union Block {
    SuperBlock  Super;                          // Superblock
    Inode       Inodes[INODES_PER_BLOCK];       // Inode block
    uint32_t    Pointers[POINTERS_PER_BLOCK];   // Pointer block
    char        Data[Disk::BLOCK_SIZE];         // Data block

Note that the size of an Block union will be exactly 4KB: the size of the largest members of the union. To declare a Block variable:

Block block;

Now, we may use Disk.read() to load in the raw data from block zero. We give Disk.read() the variable block.data, which looks like an array of characters:

Disk.read(0, block.Data);

But, we may interpret that data as if it were a struct superblock by accessing the super part of the union. For example, to extract the magic number of the super block, we might do this:

x = block.Super.MagicNumber;

On the other hand, suppose that we wanted to load disk block 59, assume that it is an indirect block, and then examine the 4th pointer. Again, we would use Disk.read() to load the raw data:

Disk.read(59, block.Data);

But then use the pointer part of the union like so:

x = block.Pointers[4];

The union offers a convenient way of viewing the same data from multiple perspectives. When we load data from the disk, it is just a 4 KB raw chunk of data (block.Data). But, once loaded, the filesystem layer knows that this data has some structure. The filesystem layer can view the same data from another perspective by choosing another field in the union.

General Advice

  1. Implement the functions roughly in order. We have deliberately presented the functions of the filesystem interface in order to difficulty. Implement debug, format, and mount first. Make sure that you are able to access the sample disk images provided. Then, perform creation and deletion of inodes without worrying about data blocks. Implement reading and test again with disk images. If everything else is working, then attempt write.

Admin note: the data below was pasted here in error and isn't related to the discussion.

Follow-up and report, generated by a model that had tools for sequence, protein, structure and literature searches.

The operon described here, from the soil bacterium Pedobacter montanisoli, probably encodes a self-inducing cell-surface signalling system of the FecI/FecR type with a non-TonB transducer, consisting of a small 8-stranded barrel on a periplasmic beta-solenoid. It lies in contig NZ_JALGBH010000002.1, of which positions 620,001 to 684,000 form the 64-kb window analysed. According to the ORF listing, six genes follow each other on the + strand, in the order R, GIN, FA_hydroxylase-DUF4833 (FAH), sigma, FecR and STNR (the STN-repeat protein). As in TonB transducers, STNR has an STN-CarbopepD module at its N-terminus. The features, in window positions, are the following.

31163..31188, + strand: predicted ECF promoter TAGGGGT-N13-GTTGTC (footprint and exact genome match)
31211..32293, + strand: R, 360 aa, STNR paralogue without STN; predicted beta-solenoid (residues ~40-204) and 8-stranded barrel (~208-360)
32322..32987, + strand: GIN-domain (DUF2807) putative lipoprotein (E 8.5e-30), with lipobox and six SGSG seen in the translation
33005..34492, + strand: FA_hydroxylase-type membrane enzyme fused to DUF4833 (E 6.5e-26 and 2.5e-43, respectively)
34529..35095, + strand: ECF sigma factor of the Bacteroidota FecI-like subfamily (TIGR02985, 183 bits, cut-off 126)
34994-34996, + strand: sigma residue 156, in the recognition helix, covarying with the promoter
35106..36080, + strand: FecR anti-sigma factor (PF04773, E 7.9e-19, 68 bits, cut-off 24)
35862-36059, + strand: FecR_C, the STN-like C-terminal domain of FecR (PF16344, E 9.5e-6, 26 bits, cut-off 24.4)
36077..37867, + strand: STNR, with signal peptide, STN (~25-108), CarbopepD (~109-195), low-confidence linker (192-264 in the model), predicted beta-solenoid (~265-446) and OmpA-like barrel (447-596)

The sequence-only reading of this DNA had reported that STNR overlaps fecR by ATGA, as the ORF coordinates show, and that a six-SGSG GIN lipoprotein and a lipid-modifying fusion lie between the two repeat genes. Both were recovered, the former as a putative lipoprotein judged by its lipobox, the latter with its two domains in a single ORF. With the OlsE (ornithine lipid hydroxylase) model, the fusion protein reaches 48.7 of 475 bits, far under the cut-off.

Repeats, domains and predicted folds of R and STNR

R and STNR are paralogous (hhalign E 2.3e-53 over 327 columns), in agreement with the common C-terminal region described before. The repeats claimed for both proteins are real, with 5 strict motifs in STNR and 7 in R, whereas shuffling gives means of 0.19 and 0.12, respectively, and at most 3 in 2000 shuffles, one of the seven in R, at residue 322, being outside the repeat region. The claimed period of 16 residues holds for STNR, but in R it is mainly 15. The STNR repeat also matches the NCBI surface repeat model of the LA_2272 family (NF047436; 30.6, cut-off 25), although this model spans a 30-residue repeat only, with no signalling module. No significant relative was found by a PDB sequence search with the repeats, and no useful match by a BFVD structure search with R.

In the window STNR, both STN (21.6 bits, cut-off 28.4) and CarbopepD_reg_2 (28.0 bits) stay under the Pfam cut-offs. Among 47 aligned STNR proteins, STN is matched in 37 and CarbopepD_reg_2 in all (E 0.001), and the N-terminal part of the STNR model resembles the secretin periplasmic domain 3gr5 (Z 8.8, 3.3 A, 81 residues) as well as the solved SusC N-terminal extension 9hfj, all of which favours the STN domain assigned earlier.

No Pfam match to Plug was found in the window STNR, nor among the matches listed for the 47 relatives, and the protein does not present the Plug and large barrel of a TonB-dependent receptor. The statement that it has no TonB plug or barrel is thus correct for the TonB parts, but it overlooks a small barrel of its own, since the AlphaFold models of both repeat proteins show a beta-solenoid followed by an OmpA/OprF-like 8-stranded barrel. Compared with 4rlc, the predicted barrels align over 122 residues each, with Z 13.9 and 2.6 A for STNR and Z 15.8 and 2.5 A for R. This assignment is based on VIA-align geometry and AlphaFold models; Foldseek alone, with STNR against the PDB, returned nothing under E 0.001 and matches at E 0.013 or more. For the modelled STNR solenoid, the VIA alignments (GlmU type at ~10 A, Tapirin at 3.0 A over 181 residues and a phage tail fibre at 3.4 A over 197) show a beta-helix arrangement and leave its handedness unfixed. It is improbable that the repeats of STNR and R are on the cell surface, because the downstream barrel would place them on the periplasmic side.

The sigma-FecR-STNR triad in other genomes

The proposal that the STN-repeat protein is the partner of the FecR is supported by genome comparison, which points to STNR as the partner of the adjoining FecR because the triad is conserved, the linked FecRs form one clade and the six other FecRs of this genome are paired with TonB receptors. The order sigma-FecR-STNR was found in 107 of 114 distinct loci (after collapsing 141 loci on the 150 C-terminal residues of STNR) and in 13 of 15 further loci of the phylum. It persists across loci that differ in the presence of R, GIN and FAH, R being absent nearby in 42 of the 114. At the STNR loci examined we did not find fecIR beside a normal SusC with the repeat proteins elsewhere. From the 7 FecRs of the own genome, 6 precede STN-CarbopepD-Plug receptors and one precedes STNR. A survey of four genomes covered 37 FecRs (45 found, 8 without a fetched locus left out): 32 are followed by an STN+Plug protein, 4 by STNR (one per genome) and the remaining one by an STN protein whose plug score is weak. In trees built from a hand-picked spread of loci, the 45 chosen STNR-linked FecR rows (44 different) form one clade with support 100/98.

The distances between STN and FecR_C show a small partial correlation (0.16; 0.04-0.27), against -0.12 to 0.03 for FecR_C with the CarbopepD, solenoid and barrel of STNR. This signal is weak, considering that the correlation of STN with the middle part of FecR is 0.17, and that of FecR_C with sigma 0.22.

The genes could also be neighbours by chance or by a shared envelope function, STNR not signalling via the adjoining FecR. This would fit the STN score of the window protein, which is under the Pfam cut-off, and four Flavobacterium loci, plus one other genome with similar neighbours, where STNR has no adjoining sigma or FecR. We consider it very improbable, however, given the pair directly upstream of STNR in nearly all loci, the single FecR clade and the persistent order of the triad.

2. Divide and conquer. Work hard to factor out common actions into simple functions. This will dramatically simplify your code. For example, you will often need to load and save individual inode structures by number. This involves a fiddly little computation to transform an inumber into a block number, and so forth. So, make two little methods to do just that:

    bool    load_inode(size_t inumber, Inode *node);
    bool    save_inode(size_t inumber, Inode *node);

    Now, everywhere that you need to load or save an inode structure, call these functions. You may also wish to have functions that help you manage and search the free block map:

    void    initialize_free_blocks();
    ssize_t allocate_free_block();

    Anytime that find yourself writing very similar code over and over again, factor it out into a smaller function.

  3. Test boundary conditions. We will certainly test your code by probing its boundaries. Make sure that you test and fix boundary conditions before handing in. For example, what happens if FileSystem.create discovers that the inode table is full? It should cleanly return with an error code. It certainly should not crash the program or mangle the disk! Think critically about other possible boundary conditions such as the end of a file or a full disk.

  4. Don't worry about performance. You will be graded on correctness, not performance. In fact, during the course of this assignment, you will discover that a simple file access can easily erupt into tens or hundreds of single disk accesses. Understand why this happens, but don't worry about optimization.


We have provided for you a simple shell that will be used to exercise your filesystem and the simulated disk. When grading your work, we will use the shell to test your code, so be sure to test extensively. To use the shell, simply run bin/sfssh with the name of a disk image, and the number of blocks in that image. For example, to use the image.5 example given below, run:

$ ./bin/sfssh image.5 5

Or, to start with a fresh new disk image, just give a new filename and number of blocks:

$ ./bin/sfssh newdisk 25

Once the shell starts, you can use the help command to list the available commands:

sfs> help
Commands are:
    remove  <inode>
    cat     <inode>
    stat    <inode>
    copyin  <file> <inode>
    copyout <inode> <file>

Most of the commands correspond closely to the filesystem interface. For example, format, mount, debug, create and remove call the corresponding methods in the FileSystem class. Make sure that you call these functions in a sensible order. A filesystem must be formatted once before it can be used. Likewise, it must be mounted before being read or written.